Alibaba lacks profit forecasts, even in preferred terms



Alibaba Group Holdings Ltd. reported revenues and revenues that failed Wall Street's expectations, and shares were down on Thursday, despite the Chinese-based e-commerce giant's attempts to influence how the results were reported.

The company reported net result attributable to ordinary shareholders who decreased 41% to 8.69 billion renminbi (RMB), or RMB 3.30 a share, of RMB 14.68 billion, or RMB 5.65 a share, in the same period a year ago. The company said that, according to the US dollar, the net result was the equivalent of $ 1.31 billion, with earnings per share of 50 cents.

Alibaba provided "non-GAAP diluted EPS", which excludes non-recurring items, and which reporters typically compare with analysts' expectations, from RMB 8.04 – equivalent to $ 1.22 – an increase over RMB 7.95. a year ago.

The stock

baba, -3.16%

shot up to 4.9% shortly after opening, before the rate reversed and dropped 0.9% in mid-day trading, with a number of news services reporting that Alibaba had reported earnings forecasts, although the typical recovery reports would suggest that this is not the case. case.

A representative of the company contacted several MarketWatch reporters last week and explained why the terms in terms of renminbi, rather than dollar, should be compared with estimates from analysts.

The spokesman's claim was that since Alibaba and FactSet convert their respective numbers into US dollars using exchange rates taken at different times, comparing US dollar equivalents would be like comparing apples and oranges. MarketWatch always compares company results with estimates of analyst consensus collected by FactSet.

The Securities and Exchange Commission does not provide a standard guide to revenue releases with respect to income in a home currency versus the US dollar. Other companies that report in two currencies are Petrochina Co. Ltd.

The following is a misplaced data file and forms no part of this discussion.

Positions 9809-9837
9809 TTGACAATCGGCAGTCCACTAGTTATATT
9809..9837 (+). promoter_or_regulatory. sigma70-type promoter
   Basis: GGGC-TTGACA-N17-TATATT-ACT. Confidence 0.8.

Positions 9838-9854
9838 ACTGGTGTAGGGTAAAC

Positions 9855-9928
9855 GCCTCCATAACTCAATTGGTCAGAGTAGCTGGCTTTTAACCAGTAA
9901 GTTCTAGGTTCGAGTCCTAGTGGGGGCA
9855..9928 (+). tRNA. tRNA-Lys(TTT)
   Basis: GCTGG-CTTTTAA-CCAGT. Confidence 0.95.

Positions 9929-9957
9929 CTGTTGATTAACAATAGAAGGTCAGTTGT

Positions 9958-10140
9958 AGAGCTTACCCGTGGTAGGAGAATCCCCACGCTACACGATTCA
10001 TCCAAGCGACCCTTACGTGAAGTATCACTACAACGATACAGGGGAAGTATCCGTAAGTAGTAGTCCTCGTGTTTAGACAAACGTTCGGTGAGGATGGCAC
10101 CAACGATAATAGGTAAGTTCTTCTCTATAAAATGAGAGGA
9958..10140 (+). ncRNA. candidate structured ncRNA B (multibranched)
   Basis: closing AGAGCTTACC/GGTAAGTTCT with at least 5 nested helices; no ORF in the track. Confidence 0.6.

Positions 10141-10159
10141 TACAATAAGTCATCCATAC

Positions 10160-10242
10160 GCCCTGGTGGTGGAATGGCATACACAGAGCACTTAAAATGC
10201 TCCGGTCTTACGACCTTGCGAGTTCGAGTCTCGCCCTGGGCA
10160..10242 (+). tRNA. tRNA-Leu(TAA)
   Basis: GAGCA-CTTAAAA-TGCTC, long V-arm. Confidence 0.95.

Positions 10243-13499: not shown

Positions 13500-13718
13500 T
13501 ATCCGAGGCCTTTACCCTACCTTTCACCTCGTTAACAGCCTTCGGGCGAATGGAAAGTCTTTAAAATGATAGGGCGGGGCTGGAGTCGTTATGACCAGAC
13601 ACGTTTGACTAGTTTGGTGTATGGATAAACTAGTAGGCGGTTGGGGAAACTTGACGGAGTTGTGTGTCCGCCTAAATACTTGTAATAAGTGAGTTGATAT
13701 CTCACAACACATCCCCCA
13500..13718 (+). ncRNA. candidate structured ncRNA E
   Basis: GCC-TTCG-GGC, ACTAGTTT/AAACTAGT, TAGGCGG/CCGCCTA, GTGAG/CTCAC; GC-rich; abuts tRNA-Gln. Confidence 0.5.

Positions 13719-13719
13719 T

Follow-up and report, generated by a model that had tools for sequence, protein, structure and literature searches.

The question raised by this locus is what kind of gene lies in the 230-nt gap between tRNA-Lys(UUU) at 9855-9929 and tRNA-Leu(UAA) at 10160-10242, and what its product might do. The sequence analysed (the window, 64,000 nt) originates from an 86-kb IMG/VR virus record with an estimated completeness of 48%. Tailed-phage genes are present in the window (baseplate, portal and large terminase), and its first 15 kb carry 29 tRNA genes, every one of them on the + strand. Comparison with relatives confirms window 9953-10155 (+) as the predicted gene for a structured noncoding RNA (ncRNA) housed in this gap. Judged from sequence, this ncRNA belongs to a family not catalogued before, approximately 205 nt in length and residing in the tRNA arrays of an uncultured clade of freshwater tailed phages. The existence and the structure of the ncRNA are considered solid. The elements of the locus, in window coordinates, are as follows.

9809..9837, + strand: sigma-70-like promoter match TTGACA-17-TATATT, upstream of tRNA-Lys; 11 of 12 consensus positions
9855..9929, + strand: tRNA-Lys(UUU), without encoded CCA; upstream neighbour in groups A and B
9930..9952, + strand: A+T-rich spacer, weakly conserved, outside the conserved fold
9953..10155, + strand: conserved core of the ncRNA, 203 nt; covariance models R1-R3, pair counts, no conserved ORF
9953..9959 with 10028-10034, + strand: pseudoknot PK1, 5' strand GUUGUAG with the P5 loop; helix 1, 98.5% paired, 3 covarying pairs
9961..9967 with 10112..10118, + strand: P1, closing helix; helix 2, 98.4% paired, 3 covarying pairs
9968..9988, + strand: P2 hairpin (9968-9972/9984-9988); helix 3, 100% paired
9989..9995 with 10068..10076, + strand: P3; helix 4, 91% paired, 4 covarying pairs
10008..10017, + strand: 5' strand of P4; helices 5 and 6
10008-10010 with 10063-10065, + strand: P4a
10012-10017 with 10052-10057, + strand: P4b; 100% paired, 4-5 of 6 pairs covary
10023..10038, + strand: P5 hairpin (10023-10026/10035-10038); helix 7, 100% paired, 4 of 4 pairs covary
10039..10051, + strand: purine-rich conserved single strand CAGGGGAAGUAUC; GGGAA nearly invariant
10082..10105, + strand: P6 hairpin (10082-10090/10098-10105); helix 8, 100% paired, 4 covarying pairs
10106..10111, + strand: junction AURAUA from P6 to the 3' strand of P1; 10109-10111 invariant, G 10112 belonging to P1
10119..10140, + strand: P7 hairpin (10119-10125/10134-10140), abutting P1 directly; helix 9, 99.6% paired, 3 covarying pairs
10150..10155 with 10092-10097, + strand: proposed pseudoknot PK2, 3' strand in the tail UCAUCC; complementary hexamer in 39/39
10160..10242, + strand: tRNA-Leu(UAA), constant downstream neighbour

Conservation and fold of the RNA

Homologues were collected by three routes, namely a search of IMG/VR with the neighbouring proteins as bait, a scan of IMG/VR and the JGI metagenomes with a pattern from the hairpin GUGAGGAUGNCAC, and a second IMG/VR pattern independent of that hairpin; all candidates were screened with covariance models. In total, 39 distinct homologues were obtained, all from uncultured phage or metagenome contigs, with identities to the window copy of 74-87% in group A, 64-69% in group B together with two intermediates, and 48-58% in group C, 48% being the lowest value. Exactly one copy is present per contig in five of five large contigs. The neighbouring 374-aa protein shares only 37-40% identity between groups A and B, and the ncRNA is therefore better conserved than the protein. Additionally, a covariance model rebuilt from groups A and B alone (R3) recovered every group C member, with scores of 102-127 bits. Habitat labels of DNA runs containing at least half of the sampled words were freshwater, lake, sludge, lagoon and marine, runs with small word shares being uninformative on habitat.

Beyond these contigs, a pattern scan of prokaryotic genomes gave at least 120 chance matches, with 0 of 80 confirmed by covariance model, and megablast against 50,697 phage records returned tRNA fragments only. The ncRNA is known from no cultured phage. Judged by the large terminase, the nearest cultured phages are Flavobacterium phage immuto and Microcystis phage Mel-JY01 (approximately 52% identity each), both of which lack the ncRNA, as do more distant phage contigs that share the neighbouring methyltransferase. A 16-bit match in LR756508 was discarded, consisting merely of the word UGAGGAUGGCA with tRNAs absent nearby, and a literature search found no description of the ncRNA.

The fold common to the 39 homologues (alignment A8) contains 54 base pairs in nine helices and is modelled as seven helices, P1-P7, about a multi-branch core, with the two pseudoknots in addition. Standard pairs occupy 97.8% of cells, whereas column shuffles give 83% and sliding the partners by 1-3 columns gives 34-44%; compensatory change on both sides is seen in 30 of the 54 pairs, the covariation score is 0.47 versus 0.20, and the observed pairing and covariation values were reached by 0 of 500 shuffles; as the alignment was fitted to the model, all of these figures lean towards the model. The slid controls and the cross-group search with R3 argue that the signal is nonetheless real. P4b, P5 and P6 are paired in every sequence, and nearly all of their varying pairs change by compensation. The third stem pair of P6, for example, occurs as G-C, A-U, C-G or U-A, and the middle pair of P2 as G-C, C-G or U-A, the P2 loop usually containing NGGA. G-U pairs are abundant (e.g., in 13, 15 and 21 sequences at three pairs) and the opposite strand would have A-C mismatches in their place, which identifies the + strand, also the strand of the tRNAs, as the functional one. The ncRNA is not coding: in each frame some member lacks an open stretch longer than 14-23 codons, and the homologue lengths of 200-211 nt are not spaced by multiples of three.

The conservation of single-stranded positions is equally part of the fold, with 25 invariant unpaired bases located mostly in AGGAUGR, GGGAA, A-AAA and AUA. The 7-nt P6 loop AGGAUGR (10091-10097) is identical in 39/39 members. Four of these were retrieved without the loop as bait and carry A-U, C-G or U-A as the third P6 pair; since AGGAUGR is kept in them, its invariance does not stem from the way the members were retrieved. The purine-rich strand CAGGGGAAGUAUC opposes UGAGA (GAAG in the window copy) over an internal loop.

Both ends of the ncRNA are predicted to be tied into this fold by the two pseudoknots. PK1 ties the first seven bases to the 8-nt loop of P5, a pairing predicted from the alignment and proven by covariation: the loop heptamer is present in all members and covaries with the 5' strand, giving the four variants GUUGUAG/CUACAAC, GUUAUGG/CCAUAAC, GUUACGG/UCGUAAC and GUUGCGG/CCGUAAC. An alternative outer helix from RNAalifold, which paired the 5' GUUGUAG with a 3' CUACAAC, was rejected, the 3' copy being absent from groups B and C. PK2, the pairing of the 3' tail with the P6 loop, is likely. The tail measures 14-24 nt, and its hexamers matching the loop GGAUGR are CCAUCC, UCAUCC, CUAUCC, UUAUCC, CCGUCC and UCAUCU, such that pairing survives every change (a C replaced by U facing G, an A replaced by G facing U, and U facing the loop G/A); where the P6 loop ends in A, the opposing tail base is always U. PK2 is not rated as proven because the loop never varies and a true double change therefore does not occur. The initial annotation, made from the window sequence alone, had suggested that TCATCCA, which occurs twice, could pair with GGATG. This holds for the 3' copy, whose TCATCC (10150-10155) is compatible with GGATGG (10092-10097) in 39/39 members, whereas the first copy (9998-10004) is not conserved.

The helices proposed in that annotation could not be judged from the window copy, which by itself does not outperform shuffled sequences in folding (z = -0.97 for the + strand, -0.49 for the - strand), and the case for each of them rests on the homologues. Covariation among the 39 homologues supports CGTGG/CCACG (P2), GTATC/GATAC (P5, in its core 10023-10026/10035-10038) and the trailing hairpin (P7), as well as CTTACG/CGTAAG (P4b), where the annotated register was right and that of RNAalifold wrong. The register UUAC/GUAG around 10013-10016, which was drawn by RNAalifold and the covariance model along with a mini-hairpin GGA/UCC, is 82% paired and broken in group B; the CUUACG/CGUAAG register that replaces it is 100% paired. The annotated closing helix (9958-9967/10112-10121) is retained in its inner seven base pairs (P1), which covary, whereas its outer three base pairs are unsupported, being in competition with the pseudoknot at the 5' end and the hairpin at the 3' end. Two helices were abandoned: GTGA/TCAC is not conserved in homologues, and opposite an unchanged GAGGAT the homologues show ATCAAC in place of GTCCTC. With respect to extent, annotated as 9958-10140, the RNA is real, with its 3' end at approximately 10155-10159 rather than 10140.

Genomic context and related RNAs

PTR, -2.95%

, BP PLC

BP, -0.09%

and Petrobras of Brazil

PETR3, -1.36%

.

Ironically, the FactSet consensus for non-GAAP EPS in US dollars was $ 1.21, meaning that Alibaba would have been defeated, but the EPS consensus in terms of renminbi was 8.28, meaning that Alibaba missed expectations.

Alibaba also contacted FactSet to inform the exchange rate differences. In FactSet's "surprise history" page, in which FactSet converts the results in an attempt to compare apples with apples, the non-GAAP EPS reported by Alibaba was reported as $ 1.17, making the average analyst estimate of $ 1.21 was missed.

Some news sources reported that Alibaba had surpassed earnings expectations – and it did so, if you compare the net EPS figures with GAAP analyst estimates; the consensus of FactSet GAAP EPS was RMB 2.42, or 35 cents on a dollar basis. However, earnings reports rarely compare net EPS with analyst GAAP estimates when non-GAAP numbers are available, so it is noteworthy that some publications and news services chose to do this time.

The reason that non-GAAP numbers are usually compared with analysts' estimates is that the majority of the companies providing advice give non-GAAP guidelines, so that is what analysts have to work with to give estimates.

In 2017, the 340 components of the S & P 500 that served as guidance were 277 non-GAAP guidelines and 220 GAAP guidelines, according to a report from Audit Analytics. Of those totals, 120 companies only gave non-GAAP guidelines, while 63 companies only issued GAAP guidelines, the report said.

In the case of Alibaba, 24 analysts provided non-GAAP EPS estimates in renminbi and 17 analysts provided GAAP-EPS estimates.

Do not miss it: SEC is again & # 39; leading & # 39; companies about their use of non-GAAP numbers

Meanwhile, Alibaba's revenue grew, for which there is no non-GAAP or comparison, 61% to RMB 80.92 billion – or $ 12.23 billion – and missed the faction-renminbi consensus of $ 81.37 billion , but beat the dollar estimate of $ 11.89 billion.